What parents need to know
Parents Need to Know
Parents need to know that Modern Dads is a reality series featuring stay-at-home fathers that's not really geared toward a kid audience. Expect some occasional iffy language and some light sexual innuendo that will go over younger kids' heads. There's lots of bathroom humor, too. Despite all of this, the series sends strong, positive messages about the capabilities of both men and women when it comes to having a family and making a living.
What's the story?
MODERN DADS is a reality series that features the antics of four stay-at-home dads in Austin, Texas. It stars Rick Lucas, the father of four children, including 1-year-old twins Elizabeth and Katherine; Stone Slade, the single father of 5-year-old Danica, and Nathan Hall, a first time dad and proud father of his 1-year-old son, Cormac. Also joining the group is Sean Kent, who considers himself a stepdad to his long-term girlfriend's daughters, 6-year-old Joopsy and 9-year-old Arwen. When their wives and partners leave to work outside of the home, these men handle all the day-to-day responsibilities associated with raising their children. From religiously making sure their babies don't wake up early from their naps, to organizing a medieval birthday party for toddlers, they do what they have to do to make sure that their kids are safe, happy, and healthy.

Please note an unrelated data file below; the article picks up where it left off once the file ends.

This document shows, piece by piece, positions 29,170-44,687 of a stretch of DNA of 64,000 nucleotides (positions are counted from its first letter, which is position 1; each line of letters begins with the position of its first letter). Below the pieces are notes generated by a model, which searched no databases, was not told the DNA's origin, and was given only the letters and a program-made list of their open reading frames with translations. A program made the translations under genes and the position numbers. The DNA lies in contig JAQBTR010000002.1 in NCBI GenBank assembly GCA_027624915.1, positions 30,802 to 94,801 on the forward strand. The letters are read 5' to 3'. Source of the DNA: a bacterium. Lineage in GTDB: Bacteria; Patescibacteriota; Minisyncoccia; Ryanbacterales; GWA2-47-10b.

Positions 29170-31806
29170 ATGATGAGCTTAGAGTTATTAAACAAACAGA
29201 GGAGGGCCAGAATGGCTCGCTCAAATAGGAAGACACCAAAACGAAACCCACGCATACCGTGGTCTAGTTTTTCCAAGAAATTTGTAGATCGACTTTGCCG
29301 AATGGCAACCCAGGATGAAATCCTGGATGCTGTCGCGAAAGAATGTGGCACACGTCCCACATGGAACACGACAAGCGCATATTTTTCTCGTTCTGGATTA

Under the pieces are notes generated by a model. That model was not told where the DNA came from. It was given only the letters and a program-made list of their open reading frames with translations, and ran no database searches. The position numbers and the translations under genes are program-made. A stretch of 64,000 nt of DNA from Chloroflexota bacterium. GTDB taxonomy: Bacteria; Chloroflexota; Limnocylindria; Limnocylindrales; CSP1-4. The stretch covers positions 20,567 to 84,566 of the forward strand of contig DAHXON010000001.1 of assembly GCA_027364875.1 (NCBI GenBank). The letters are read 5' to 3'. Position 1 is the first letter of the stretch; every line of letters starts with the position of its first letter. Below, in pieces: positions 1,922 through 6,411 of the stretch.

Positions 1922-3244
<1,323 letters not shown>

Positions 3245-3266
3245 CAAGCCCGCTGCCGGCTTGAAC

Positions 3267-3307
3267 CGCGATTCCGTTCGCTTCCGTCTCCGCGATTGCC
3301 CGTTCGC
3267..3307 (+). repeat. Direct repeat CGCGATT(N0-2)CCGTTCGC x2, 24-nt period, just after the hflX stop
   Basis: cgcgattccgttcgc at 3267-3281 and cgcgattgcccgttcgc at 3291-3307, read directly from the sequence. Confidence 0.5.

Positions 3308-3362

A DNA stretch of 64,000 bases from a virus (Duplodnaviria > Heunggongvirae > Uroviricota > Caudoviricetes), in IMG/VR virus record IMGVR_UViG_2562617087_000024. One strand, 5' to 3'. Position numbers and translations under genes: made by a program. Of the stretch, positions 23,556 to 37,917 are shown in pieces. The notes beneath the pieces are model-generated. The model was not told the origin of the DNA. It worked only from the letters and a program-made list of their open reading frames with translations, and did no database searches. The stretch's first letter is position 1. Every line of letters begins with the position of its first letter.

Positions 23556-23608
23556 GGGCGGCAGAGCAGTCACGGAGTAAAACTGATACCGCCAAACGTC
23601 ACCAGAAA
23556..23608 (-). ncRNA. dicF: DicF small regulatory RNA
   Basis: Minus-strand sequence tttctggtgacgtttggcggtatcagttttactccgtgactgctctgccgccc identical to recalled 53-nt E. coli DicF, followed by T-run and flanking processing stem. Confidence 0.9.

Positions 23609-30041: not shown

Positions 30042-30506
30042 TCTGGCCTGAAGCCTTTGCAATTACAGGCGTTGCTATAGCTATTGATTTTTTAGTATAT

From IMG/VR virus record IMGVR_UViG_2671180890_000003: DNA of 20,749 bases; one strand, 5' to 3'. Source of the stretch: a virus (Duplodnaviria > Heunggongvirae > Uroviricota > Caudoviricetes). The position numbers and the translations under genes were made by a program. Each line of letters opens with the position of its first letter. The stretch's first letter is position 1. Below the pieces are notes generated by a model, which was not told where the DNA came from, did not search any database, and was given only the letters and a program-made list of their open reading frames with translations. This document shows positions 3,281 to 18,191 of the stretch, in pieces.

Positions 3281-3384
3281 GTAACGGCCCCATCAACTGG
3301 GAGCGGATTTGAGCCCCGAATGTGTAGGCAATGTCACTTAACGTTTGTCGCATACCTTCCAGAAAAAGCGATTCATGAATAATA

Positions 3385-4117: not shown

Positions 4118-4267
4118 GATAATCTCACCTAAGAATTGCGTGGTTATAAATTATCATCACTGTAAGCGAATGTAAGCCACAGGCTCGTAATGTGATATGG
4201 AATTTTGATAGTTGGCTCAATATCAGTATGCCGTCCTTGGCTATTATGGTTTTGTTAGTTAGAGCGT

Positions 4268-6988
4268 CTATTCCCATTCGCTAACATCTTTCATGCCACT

Is it any good?
Modern Dads highlights the changing role of men in American families, which is evolving from traditionally patriarchal norms that characterize men as the family's primary breadwinners (and women as the children's caregivers) to a more flexible arrangement, that can include being full-time caregivers. The series demonstrates how these men are not only comfortable with these new roles, but are deeply satisfied being their children's caregivers.
There are lots of humorous moments, but unlike many TV and film depictions of stay-at-home dads, these men are not comically naive or deficient. Their jokes don't come at the expense of their children, either. Not only are these men serious about their jobs as fathers, but they are very good at what they do.
Families can talk about...
Families can talk about the way fathers are portrayed in the media. What are some common most common ways dads are represented on TV and in the movies? What are these interpretations based on? Are they accurate?
How does this show challenge stereotypical ideas about the roles of men and women? Are there any other shows or movies that also challenge these generalizations?